Ukrainian President Volodymyr Zelenskyy on Wednesday called on the United Nations Security Council to take action to end Russian airstrikes on vital infrastructure that have once again plunged Ukrainian cities into darkness and cold as winter sets in.
“Today is only one day, but we have received 70 missiles. That is the Russian formula of terror,” Zelenskyy said via video link to the Council Chamber in New York.
He said hospitals, schools, transportation infrastructure and residential areas were all affected.
“When we have sub-zero temperatures and millions of people without energy, without heating, without water, this is an obvious crime against humanity,” he said at the New York rally.
In his speech, Zelenskyy called for the adoption of a UN resolution condemning energy terror. Ukraine is waiting for “a very firm response” to Wednesday’s airstrikes from around the world, he added.
It is unlikely that the Council will take any action on the appeal, as Russia is a veto member. However, Zelenskyy called for Russia not to be allowed to vote on a decision about his actions.
“We cannot be held hostage by one international terrorist,” he said. “Russia is doing everything it can to make an energy generator a more powerful tool than the UN Charter.”
Russia’s UN Ambassador Vasily Nebenzya responded by complaining that it was against council rules for Zelenskyy to appear via video, and rejected what he called “reckless threats and ultimatums” from Ukraine and its supporters in the West.
Here are the other major headlines from the war in Ukraine on Thursday, November 24:
German deputy foreign minister accuses Russia of ‘state terrorism’
Germany’s Minister of State for Europe and Climate, Anna Lührmann, has told TBEN that the Russian missile attacks on Ukrainian infrastructure amounted to “state terrorism”.
“It is clear that Putin wants Ukraine to sink into cold and darkness this winter,” she told TBEN’s Nick Connolly during a visit to Kiev amid the recent spate of Russian airstrikes.
“Ukrainians are facing all of this with great courage and we are here to help them face these challenges,” she said.
Lührmann, one of three deputies under Foreign Minister Annalena Baerbock, said she had come to Ukraine with another €55 million ($57.3 million) in aid, including generators that will arrive in the coming days.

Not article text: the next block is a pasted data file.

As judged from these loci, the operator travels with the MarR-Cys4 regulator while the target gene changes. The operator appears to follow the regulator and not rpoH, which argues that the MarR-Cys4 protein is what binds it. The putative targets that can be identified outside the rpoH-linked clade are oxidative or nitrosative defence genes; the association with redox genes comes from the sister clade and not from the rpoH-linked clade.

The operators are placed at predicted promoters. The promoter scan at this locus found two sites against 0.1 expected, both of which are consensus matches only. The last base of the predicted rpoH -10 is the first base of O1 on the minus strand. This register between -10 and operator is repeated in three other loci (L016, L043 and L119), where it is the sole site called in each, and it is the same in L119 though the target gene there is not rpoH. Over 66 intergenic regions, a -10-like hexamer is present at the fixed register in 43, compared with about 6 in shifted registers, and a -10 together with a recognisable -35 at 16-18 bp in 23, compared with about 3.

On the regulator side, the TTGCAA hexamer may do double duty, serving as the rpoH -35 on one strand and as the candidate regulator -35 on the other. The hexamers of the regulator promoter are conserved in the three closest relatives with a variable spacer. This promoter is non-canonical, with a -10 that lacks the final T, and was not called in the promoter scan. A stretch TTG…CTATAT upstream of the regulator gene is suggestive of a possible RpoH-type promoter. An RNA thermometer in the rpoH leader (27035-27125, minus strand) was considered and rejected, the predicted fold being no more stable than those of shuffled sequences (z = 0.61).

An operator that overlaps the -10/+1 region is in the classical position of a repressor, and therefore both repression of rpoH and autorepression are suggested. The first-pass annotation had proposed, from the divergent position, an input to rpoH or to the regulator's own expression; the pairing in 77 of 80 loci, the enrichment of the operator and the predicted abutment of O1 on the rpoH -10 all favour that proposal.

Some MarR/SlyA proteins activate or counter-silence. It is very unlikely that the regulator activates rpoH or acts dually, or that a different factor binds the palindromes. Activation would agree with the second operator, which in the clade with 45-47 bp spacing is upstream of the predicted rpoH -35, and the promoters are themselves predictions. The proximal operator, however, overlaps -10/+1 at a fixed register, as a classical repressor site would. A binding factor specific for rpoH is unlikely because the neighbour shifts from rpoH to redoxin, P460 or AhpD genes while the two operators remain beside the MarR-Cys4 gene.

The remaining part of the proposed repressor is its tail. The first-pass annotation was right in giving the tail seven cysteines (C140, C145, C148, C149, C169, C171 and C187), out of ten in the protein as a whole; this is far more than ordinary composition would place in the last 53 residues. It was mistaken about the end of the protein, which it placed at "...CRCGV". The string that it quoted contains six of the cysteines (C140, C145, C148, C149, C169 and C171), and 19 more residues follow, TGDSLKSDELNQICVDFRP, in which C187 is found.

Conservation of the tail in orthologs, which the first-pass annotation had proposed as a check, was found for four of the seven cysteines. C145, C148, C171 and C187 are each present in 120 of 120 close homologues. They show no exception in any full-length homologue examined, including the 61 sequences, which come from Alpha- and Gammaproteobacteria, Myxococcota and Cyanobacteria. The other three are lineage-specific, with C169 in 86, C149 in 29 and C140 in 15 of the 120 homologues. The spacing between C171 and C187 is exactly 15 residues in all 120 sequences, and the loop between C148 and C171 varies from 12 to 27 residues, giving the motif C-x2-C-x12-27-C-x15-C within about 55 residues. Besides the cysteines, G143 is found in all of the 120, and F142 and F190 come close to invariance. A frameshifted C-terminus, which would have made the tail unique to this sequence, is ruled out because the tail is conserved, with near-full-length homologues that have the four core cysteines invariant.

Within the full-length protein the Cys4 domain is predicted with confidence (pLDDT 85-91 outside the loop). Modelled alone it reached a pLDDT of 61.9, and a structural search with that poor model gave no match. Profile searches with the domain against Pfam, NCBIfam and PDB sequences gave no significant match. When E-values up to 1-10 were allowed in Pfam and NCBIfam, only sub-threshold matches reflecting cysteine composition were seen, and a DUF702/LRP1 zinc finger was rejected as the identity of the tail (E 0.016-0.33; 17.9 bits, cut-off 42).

“Ukraine has our full solidarity. I believe that not only Ukraine would benefit from EU membership, the EU will be a better place with Ukraine as a member,” she added.
Macron: Russian strikes are ‘war crimes’
French President Emmanuel Macron has joined the chorus of European leaders and senior officials condemning Russia’s latest attacks on energy infrastructure.
“Any attack on civilian infrastructure constitutes a war crime and should not go unpunished,” Macron said.
He announced an aid conference to be held in Paris in December to raise funds for the winter months. It follows a similar conference earlier this week to raise money for Moldova.
The French president said he intends to establish a direct line on the fate of the Zaporizhzhia nuclear power plant. Ukraine is struggling to meet electricity demand and ongoing threats to the facility pose a serious health and environmental risk.
Macron added: “Russian strategy is to discourage people on the ground.”
More coverage of the war in Ukraine
German Chancellor Olaf Scholz has said it was clear that Russia was fighting a losing battle in Ukraine. Meanwhile, France’s Emmanuel Macron is preparing to resume “direct contact” with Russia’s Vladimir Putin.
Germany’s “ring exchange” of tanks to avoid directly arming Ukraine got off to a slow start. But some experts see it as the prelude to a shift in German security policy.
zc, dh/rt (TBEN, TBEN, dpa, Reuters)